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Success! Carrison from Kenya raised $1,286 to fund mobility-enhancing foot surgery.

  • $1,286 raised, $0 to go
to go
Fully funded
Carrison's treatment was fully funded on December 20, 2020.

Photo of Carrison post-operation

December 21, 2020

Carrison underwent mobility-enhancing foot surgery.

Our medical partner shared that Carrison has a successful surgery and is now back home and doing well! His surgery will be of great impact to him because he will be able to step on the ground comfortably and walk like other children. His family is hopeful that he will also be able to continue with his studies uninterrupted.

“I lack words to express how grateful I am. May the almighty God bless you all for providing free surgery to my son,” Zainab, Carrison’s mother told us.

Our medical partner shared that Carrison has a successful surgery and is now back home and doing well! His surgery will be of great impact t...

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October 9, 2020

Carrison is a 7-year-old boy from Kenya, the firstborn in a family of three children. His mother told us how much he likes playing with other children. Their family hails from Kimana village in Kajiado county where his mother vends vegetables while his father is a farmer.

Carrison was born with diplegic CP, a condition that affects his muscles making them stiff, especially in his legs. The condition has made his walking difficult and forces him to walk on his toes. This often leads to him falling and not being able to walk for longer distances. He has been receiving therapy sessions at a nearby district hospital. When reviewed by our partner doctors, they recommend he also has an achilles tendon lengthening surgery. The surgery will allow him to walk comfortably and with a better posture. His mother was shocked by the money required for surgery and requests assistance.

Fortunately, Carrison traveled to visit our medical partner’s care center, AIC Cure International Hospital. There, surgeons will perform surgery on October 12th. Our medical partner, African Mission Healthcare Foundation, is requesting $1,286 to fund Carrison’s foot surgery. After treatment, he will be able to walk more easily.

“I am appealing to AMHF for my son to undergo surgery. My desire is to see him walking comfortably without any hardship.” Carrison’s mother expressed.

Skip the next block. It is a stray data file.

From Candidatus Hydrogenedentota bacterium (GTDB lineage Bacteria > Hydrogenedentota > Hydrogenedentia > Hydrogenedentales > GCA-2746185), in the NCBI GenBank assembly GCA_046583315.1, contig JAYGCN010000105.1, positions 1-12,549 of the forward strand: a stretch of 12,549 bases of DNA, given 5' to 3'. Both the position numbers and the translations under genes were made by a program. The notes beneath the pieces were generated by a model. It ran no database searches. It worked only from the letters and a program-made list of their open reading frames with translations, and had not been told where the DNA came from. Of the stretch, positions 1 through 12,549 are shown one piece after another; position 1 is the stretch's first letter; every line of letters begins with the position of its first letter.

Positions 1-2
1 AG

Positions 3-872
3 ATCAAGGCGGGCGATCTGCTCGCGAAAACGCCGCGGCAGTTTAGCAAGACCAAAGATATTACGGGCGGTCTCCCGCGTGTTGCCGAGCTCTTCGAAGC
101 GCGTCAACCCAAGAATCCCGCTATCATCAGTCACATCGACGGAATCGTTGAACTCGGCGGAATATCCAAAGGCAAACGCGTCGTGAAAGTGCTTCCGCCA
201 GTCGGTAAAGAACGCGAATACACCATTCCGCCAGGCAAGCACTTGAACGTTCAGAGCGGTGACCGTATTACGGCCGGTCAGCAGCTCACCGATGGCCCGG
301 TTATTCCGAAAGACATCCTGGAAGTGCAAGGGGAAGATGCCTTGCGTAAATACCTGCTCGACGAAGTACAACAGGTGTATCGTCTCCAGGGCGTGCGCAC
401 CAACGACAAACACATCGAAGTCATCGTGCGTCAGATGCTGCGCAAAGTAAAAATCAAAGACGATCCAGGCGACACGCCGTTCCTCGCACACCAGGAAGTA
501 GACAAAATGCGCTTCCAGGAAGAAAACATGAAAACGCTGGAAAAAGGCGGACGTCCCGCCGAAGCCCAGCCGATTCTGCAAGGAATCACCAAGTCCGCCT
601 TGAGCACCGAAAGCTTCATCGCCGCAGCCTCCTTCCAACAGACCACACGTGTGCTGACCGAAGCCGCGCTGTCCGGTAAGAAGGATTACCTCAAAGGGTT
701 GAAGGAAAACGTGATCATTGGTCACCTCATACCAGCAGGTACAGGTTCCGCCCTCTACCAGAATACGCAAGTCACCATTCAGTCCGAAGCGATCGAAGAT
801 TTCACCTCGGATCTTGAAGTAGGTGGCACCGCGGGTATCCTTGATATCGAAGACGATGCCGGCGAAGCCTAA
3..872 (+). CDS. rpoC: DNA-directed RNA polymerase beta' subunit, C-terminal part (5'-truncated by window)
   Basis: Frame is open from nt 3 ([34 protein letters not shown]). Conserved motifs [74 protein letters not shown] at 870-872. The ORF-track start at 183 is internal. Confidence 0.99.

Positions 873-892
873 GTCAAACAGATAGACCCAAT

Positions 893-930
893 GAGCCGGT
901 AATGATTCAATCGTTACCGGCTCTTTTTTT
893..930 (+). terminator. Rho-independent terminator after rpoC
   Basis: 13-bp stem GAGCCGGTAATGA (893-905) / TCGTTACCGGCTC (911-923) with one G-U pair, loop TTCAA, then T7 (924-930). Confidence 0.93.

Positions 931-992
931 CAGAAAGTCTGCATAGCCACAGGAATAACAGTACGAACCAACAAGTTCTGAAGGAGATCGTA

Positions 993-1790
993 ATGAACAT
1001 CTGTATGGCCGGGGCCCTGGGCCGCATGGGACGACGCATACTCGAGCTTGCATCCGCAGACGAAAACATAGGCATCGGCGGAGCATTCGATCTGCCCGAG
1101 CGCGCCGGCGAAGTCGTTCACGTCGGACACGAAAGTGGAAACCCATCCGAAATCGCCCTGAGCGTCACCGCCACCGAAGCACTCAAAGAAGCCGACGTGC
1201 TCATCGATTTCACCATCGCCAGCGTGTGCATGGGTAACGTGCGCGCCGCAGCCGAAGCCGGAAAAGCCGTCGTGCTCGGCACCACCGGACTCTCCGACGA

Carrison is a 7-year-old boy from Kenya, the firstborn in a family of three children. His mother told us how much he likes playing with othe...

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Carrison's Timeline

  • October 9, 2020

    Carrison was submitted by Robert Kariuki, Process Coordinator at African Mission Healthcare.

  • October 9, 2020

    Carrison's profile was published to start raising funds.

  • October 12, 2020

    Carrison received treatment at AIC Cure International Hospital in Kenya. Medical partners often provide care to patients accepted by Watsi before those patients are fully funded, operating under the guarantee that the cost of care will be paid for by donors.

  • December 20, 2020

    Carrison's treatment was fully funded.

  • December 21, 2020

    Carrison's treatment was successful. Read the update.

Funded by 27 donors

Funded by 27 donors

Club Foot Correction
  • Cost Breakdown
  • Diagnosis
  • Procedure
On average, it costs $1,286 for Carrison's treatment
Hospital Fees
Medical Staff
  • Symptoms
  • Impact on patient's life
  • Cultural or regional significance

​What kinds of symptoms do patients experience before receiving treatment?

The foot is turned inward, often severely, at the ankle, and the arch of the foot is very high. Patients experience discomfort, and the affected leg may be shorter and smaller than the other.